Oxfam Presents… Stand Up for Women at Leicester Square Theatre
In celebration of International Women’s day yesterday, Leicester Square Theatre upended the typically male-centric comedy scene in dramatic style, with eight of the UK’s best comedians – who just so happen to be female. It was a cutting reminder of the talent amongst female comedians and subsequently the injustices of the testosterone-fuelled comedy circuit.
The evening’s content snaked flippantly between fist-in-the air feminism and absurd mundanity. Shrewd sparkling-wine-cradling Tiff Stevenson was the first to confront feminist issues, riffing on the phrase: “That’s just how it’s always been,” as a flimsy means of deflecting anything slightly alien, offering the suggestion that we should then all still be faeces-flinging apes, or cynical fish refusing to confront the land.
Abi Roberts progressed the gender politics with a performance as unpredictable as a discount fireworks multipack, culminating in a theatrical reading of Robin Thicke’s lyrics to Blurred Lines. The frenzied Luisa Omielan then cranked the girl-power to the next level with impassioned messages of body confidence (complemented by frequent skirt-lifting), to the point where comedy almost gave way to an incredibly off-beat TED Talk. Her promotion of terms such as “Pleasure Angel” and “Climax Fairy” in place of derogatory terms for female hedonism provided a memorable moment in the night’s proceedings.
Both resolute and hilarious in equal measures was Shazia Mirza, denigrating her Muslim Woman of the Year award as a gesture of the most patronising kind. Her act was followed by Mae Martin, who had the audience falling about the intimate theatre with her material on sexuality.
With a line-up full of sharp female comics and a 95% female audience, it took a brave man to show his face. Male audience members were repeatedly picked on throughout in a welcome redressing of balance. But for all the heavyweight material, the more inane gags were just as important. The evening was about showcasing talent as much as it was about dictating a message. The line-up was sandwiched by opener Pippa Evans’ Broadway musical-style rendition of an argument with a traffic warden, and closer Lou Sanders with her account of being at a party without a drink and thus not knowing what to do with her hands.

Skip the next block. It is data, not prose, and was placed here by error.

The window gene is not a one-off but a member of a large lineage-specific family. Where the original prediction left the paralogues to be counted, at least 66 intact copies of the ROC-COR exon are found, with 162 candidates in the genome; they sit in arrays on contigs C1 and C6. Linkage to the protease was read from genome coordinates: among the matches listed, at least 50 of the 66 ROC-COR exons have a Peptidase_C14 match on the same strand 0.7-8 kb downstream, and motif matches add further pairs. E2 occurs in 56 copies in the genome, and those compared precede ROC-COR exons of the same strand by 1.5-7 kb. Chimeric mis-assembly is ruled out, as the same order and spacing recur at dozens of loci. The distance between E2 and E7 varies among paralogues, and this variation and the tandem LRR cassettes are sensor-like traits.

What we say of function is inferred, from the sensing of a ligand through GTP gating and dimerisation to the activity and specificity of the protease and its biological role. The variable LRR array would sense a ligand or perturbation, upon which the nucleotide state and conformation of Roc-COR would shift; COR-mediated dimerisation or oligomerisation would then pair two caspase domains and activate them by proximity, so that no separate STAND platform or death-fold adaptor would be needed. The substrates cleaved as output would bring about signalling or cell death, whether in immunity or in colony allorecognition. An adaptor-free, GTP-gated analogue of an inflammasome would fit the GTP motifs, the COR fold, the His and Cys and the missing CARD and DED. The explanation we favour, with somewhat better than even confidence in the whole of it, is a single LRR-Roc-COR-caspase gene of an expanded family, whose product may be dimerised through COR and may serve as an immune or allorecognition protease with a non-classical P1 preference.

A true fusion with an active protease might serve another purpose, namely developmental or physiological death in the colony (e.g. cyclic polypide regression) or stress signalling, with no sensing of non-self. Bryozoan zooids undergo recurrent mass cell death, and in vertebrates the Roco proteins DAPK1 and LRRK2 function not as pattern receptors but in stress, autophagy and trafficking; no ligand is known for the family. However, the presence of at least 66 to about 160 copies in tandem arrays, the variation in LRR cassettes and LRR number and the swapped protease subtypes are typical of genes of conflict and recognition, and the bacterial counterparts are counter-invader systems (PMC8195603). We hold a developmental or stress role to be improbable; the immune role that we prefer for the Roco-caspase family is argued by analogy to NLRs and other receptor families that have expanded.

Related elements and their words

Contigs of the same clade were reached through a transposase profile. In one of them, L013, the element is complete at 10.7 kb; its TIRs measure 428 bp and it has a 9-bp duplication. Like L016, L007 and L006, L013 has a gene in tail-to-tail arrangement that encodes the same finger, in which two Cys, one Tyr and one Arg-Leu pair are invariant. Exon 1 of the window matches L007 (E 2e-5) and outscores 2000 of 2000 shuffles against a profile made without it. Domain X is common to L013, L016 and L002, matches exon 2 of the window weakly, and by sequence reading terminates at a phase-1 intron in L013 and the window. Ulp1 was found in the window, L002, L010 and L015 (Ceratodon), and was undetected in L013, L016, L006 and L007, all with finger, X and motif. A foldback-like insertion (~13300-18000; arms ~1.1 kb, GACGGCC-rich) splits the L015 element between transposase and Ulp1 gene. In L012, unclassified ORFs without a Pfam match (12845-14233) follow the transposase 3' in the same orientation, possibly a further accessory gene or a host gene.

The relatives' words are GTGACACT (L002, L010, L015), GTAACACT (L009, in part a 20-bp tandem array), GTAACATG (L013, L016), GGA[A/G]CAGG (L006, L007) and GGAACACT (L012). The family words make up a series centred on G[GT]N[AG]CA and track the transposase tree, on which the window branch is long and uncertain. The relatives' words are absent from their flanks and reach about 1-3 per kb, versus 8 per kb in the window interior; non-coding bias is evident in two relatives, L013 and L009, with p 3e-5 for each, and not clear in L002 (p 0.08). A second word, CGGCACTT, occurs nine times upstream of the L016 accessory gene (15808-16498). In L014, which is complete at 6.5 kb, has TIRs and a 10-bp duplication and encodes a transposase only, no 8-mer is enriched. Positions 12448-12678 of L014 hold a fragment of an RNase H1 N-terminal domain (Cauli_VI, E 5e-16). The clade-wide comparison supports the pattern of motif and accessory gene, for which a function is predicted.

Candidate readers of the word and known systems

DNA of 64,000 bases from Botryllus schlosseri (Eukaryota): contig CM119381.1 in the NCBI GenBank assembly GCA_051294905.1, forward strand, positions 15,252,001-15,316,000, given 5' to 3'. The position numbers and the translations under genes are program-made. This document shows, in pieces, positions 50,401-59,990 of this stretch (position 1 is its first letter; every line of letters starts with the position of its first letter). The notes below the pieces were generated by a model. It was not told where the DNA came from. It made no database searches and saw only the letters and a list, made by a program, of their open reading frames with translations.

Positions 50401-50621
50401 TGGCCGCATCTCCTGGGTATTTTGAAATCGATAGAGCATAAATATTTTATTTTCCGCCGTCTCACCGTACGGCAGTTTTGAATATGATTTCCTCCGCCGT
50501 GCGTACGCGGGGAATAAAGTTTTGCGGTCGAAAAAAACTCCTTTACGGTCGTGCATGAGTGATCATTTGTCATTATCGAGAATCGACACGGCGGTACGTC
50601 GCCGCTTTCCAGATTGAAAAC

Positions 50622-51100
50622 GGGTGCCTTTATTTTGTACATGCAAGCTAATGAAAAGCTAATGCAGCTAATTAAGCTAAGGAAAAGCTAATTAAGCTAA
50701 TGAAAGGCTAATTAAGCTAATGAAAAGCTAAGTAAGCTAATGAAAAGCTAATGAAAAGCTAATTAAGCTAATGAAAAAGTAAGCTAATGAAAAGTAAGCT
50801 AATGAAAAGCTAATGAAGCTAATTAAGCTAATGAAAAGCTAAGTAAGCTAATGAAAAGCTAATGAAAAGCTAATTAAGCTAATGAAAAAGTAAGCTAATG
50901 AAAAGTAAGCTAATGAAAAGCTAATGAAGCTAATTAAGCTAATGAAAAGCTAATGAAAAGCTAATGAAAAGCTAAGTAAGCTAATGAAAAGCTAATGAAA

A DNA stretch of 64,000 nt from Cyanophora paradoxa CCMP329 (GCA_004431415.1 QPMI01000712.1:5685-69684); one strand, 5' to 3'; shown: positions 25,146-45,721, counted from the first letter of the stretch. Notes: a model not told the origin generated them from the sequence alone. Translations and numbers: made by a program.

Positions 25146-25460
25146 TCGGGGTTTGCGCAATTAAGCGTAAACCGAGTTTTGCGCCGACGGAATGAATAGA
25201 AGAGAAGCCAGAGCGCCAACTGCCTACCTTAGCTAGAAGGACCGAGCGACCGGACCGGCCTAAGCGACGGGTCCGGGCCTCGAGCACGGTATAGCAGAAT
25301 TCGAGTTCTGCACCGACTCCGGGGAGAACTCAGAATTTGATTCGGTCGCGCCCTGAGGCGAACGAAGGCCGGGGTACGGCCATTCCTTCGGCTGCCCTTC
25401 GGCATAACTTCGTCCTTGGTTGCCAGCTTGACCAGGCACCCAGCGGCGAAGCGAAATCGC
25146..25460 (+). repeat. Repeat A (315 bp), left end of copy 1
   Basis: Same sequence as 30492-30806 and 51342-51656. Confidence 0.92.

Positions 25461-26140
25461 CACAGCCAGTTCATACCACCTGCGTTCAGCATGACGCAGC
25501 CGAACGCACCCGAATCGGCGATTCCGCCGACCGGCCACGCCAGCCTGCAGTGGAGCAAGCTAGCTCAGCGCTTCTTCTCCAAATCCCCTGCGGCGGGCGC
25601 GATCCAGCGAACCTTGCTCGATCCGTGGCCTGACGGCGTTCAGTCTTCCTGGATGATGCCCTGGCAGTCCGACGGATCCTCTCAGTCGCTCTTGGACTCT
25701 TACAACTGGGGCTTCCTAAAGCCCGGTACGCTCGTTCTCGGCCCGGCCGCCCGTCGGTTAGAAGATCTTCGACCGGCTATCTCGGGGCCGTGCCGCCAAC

Queen of the frivolously inane however was Zoe Lyons. Among other oddball routines she explored the world of pigeons drunkenly losing their feet and the unnecessary act of bungee jumping to make you feel alive, when you can accidentally slip in the shower instead for a similar rush.
It would be nice to get to the stage where female comedians don’t have to talk about gender inequality during their routines, or even where such a line-up as this might occur without prescribing an all-female comedy event, but we’re still at the stage where women are merely token women amongst a line-up of men. Nights such as this serve to reinstate the standard of female comedians today, and we ain’t faeces-flinging apes no more. It’s time that “the way it’s always been” is “the way it always was”.